Trouble is: there were were spelling errors and other mistakes. When I asked Rachael to edit her post a little, she was grateful for the feedback. She said she’s used to posting things to her Tumblr that only a few people see. She’s not used to having a bigger audience.
I told her, “If you’re applying for a job with say, an agent or publisher, and they Google you and find that review, they might think twice about hiring you. They might worry that your writing skills aren’t strong enough yet.”
On the other hand, they might think, “Isn’t it great that this person is active on social media and cares about something. It’s the spirit that counts.” This is a distinct possibility.
It was, as they say, a teachable moment.
Last night, Rachael told me that another writer had noticed her review of Sal’s novel and emailed her to see if she would like to review more books. She was very excited about this, and I am too, but like I said, we haven’t gotten to book reviewing part of the syllabus yet. Check out the links to the right here —-> “Reviewing Others.” It’s all about the ways in which social media is changing the way we think about what it means to review a book.
I’ve invited my students to be literary citizens and help me help other people’s books.
This has an upside, but a downside, too.
Q: Professor Day, how do I get published?
A: Work to create a culture in which books can thrive.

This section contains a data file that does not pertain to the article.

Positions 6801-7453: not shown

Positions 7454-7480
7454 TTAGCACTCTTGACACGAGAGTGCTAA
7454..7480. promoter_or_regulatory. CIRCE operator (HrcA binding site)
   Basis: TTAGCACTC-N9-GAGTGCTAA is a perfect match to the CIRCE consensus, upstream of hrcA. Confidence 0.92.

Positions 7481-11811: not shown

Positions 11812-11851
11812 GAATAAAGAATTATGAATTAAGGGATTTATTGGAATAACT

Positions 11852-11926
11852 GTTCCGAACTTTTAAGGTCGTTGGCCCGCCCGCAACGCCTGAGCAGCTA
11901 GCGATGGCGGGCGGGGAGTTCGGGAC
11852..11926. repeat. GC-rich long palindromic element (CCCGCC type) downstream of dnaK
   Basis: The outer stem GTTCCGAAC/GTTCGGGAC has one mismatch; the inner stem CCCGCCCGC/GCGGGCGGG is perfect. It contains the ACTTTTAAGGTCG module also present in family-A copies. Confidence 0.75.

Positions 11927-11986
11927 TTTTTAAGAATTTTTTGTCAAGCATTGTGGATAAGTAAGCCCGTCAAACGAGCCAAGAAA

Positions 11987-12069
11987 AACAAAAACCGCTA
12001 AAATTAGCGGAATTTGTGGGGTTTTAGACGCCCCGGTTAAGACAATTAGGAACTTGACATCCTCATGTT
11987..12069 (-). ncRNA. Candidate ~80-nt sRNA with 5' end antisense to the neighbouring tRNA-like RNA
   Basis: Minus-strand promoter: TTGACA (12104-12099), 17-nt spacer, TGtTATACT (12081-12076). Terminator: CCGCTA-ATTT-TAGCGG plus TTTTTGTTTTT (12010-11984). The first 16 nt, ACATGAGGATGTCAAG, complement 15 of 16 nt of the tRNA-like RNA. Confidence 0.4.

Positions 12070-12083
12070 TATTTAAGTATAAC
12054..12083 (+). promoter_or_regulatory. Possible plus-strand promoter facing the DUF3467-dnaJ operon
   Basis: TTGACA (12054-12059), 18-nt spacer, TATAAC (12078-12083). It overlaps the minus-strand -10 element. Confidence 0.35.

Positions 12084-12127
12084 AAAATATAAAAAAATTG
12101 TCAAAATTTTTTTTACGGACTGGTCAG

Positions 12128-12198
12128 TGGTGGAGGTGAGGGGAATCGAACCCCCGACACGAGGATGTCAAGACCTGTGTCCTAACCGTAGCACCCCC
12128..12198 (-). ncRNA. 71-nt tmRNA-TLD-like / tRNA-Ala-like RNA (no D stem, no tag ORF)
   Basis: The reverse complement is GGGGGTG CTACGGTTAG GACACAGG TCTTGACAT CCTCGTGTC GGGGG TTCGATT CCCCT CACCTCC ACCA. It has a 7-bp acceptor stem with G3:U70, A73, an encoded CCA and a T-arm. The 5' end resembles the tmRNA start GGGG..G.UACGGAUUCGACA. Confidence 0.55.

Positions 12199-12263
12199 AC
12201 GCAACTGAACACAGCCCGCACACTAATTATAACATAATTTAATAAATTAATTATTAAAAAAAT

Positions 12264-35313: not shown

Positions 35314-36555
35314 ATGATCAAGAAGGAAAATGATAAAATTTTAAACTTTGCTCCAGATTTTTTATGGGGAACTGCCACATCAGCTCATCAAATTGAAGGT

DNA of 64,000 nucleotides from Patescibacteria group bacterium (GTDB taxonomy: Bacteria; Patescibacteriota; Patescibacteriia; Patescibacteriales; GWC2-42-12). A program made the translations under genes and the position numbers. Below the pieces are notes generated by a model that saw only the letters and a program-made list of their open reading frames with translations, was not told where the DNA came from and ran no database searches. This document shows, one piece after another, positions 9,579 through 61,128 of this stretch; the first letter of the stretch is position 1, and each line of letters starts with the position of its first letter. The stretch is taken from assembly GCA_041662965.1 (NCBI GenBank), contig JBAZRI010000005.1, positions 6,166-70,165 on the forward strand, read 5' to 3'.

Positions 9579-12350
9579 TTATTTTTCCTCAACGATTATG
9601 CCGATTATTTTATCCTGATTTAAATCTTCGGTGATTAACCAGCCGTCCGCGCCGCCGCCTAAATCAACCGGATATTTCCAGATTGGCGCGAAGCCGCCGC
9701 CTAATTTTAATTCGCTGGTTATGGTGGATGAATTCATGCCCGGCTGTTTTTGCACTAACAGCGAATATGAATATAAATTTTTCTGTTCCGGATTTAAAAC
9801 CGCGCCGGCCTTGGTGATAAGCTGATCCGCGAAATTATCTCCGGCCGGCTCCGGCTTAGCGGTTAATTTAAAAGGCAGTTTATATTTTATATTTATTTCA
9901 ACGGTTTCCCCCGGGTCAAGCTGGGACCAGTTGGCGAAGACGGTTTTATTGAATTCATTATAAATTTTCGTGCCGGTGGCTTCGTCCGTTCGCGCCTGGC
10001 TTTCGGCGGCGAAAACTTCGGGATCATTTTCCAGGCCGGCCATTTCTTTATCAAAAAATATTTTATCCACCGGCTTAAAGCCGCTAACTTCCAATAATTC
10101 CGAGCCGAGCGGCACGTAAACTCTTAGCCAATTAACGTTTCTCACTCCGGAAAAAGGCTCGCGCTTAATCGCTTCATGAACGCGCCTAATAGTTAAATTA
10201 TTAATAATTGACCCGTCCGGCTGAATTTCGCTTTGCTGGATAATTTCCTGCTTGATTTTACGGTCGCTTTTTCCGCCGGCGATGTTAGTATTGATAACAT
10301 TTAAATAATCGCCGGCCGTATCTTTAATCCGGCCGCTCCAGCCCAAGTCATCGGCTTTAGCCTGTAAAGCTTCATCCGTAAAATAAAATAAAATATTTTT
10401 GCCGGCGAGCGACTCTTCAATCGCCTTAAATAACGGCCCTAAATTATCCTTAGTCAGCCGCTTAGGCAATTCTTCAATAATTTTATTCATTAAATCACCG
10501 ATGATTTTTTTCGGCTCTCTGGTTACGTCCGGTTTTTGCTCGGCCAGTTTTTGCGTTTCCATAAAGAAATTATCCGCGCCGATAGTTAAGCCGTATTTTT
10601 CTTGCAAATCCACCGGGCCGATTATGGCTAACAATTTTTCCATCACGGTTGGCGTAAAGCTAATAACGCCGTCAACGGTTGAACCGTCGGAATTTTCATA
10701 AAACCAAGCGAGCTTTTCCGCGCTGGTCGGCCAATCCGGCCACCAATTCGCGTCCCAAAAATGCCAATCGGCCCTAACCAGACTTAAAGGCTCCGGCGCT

Q: No, seriously. How do I get people to buy and read my work? How do I get discovered?
A: What did you do today to help get someone else’s work discovered?
This is the essence of literary citizenship. Or as Chuck Sambuchino says in “How to Support an Author’s New Book: 11 Ideas for You,” a new post over at Writer Unboxed:
Help writers sell books. It’s that simple. Just help them and support the publishing industry. Good karma will befall you, and the hope is that others will help you in return as your big release day comes.
They are simple steps: Buy the book. Make sure it’s face-out on the bookstore shelf. Read the book in public. Request the book at your local library. Be an advocate for the book on social media, etc.
If you’re a part of the indielit world, the small press scene, these ideas and suggestions will be nothing new to you. These strategies are what have allowed the independent literary press world to explode and expand in recent years. (Go to the AWP Book Fair. You’ll see what I mean. 11,000 attendees. 650 exhibitors.)
But all authors need readers who will do these things, whether they’re publishing with a tiny micro press or the Big Five.
And all creative writing students need to know this is work they can (and should) do.
In 1967, there were 13 creative writing programs. Today, there are more than 500. Every year, we generate thousands and thousands of graduates. We spend a lot of time and energy helping them to self-identify as writers. We are fools if we fail to show them how to self-identify as literary citizens, book buyers, lifelong readers, and lovers of books.
We’re creating a small army. Imagine what good work they could do.